Basically, GPUs are optimized around doing a small amount of really big draw calls these days (high-def 3D models and such) and they suck at making tons of really small draw calls (e.g. individually drawing GM sprites from within a GML for loop).
I guess this is getting kind of off-topic, but in my experience the gains from frozen vertex buffers are negligible at small scales (drawing two triangles for a quad) and I've seen people make the argument that it may actually be slower, but the time savings quickly adds up for bigger and bigger meshes. For static level geometry, I've found much the same thing that you have - drawing ten thousand triangles in a frozen vertex buffer might as well be as fast as drawing ten triangles in a frozen vertex buffer. Obviously, computers are machines with a finite capacity, and eventually you will run into the limitations, especially on integrated GPUs, so if you can get away with smaller meshes you should do it.

GameMaker *appears* to do some kind of sprite batching in "normal" 2D mode though. I'm not exactly sure where the position arguments in draw_sprite go, but drawing sprites in a loop that way certainly seem quite a bit faster than drawing sprites in a loop at (0, 0) with a matrix transform.
 

Yal

🍋 *lemon noises*
GMC Elder
drawing ten thousand triangles in a frozen vertex buffer might as well be as fast as drawing ten triangles in a frozen vertex buffer.
It should be basically exactly the same speed (from the CPU's point of view, at least) since you just tell the GPU "draw vertex buffer 43" (fixed size message without the vertex buffer data - that's what is sent over when you freeze it) and all the data already is GPU-side...

GameMaker *appears* to do some kind of sprite batching in "normal" 2D mode though. I'm not exactly sure where the position arguments in draw_sprite go, but drawing sprites in a loop that way certainly seem quite a bit faster than drawing sprites in a loop at (0, 0) with a matrix transform.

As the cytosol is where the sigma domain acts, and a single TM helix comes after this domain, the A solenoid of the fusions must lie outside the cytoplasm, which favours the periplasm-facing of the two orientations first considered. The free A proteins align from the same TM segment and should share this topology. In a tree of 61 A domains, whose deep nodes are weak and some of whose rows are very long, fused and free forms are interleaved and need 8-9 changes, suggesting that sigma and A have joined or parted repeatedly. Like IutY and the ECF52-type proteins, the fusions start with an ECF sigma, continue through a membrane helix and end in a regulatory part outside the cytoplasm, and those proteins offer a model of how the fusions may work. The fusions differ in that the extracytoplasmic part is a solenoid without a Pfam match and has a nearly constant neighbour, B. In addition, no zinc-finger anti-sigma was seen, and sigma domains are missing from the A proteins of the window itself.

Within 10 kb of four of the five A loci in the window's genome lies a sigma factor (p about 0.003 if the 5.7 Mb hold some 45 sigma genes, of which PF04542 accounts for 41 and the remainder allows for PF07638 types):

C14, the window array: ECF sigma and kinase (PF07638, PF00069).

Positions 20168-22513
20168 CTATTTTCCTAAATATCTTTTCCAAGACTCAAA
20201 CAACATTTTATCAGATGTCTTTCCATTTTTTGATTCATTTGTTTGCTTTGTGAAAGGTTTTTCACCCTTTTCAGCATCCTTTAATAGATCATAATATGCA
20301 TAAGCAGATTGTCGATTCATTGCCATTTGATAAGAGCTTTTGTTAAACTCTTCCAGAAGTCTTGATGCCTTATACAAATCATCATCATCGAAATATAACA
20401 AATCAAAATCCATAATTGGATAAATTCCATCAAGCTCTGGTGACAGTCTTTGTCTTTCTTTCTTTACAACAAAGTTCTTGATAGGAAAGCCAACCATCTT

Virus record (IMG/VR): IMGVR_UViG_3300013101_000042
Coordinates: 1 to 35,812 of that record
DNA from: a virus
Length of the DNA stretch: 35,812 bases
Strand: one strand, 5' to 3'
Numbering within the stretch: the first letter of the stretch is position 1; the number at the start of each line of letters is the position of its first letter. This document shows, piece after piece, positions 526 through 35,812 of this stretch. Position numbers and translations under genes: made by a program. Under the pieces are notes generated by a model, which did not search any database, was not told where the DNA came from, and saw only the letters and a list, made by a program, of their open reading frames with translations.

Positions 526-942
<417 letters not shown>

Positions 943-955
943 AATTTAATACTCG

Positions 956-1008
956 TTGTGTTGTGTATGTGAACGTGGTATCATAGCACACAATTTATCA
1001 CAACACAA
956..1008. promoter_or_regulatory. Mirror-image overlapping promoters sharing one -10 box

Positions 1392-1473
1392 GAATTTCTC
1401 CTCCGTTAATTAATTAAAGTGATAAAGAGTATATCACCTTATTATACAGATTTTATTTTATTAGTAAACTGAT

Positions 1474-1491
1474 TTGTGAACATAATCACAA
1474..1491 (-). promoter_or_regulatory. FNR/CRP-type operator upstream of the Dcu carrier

It's possible all drawing gets put into a vertex buffer behind the scenes, with separate buffers between layers (you can have layer-specific shaders now so the layers definitely break batches up) and also when you have a different texture page for the next thing to draw. That's just wild guessing, though. (Doing a matrix transform instantly breaks a batch so it's possible the slowdown you see is because of basically ruining batching entirely for yourself)
 
GameMaker *appears* to do some kind of sprite batching in "normal" 2D mode though. I'm not exactly sure where the position arguments in draw_sprite go, but drawing sprites in a loop that way certainly seem quite a bit faster than drawing sprites in a loop at (0, 0) with a matrix transform.
The position argument in draw_sprite is not made available through any vertex attribute using the default sprite drawing methods. The sprite position is added to the transformed vertex offsets, and that is what is put into in_Position.

Every matrix set will break the current vertex batch when it comes to the automatic batching that gamemaker does when drawing sprites and some other things. Same will happen when setting shader uniform variables.
 

Dragonite

Member
It should be basically exactly the same speed (from the CPU's point of view, at least) since you just tell the GPU "draw vertex buffer 43" (fixed size message without the vertex buffer data - that's what is sent over when you freeze it) and all the data already is GPU-side...
Nono, I mean the act of telling GameMaker to draw a frozen vertex buffer takes some constant amount of time - particularly if you're setting the world transform or shader uniforms each time - vs baking all of that information into a single vertex buffer, freezing it, and drawing it in one shot. Frozen vertex buffers are great.

It's possible all drawing gets put into a vertex buffer behind the scenes, with separate buffers between layers (you can have layer-specific shaders now so the layers definitely break batches up) and also when you have a different texture page for the next thing to draw. That's just wild guessing, though. (Doing a matrix transform instantly breaks a batch so it's possible the slowdown you see is because of basically ruining batching entirely for yourself)
My wild guess would be that it's something along the lines of this, with batch-breaking operations (color, texture page, matrices, etc) ending the batch, then doing this, and then starting over. I've never seen YYG talk about how they render sprites from the inside though, and I'm not that curious that I want to try to reverse engineer it ¯\_(ツ)_/¯

And yeah, setting the world matrix kinda sucks and should probably be done sparingly if possible - I just don't know what else might be going on in addition.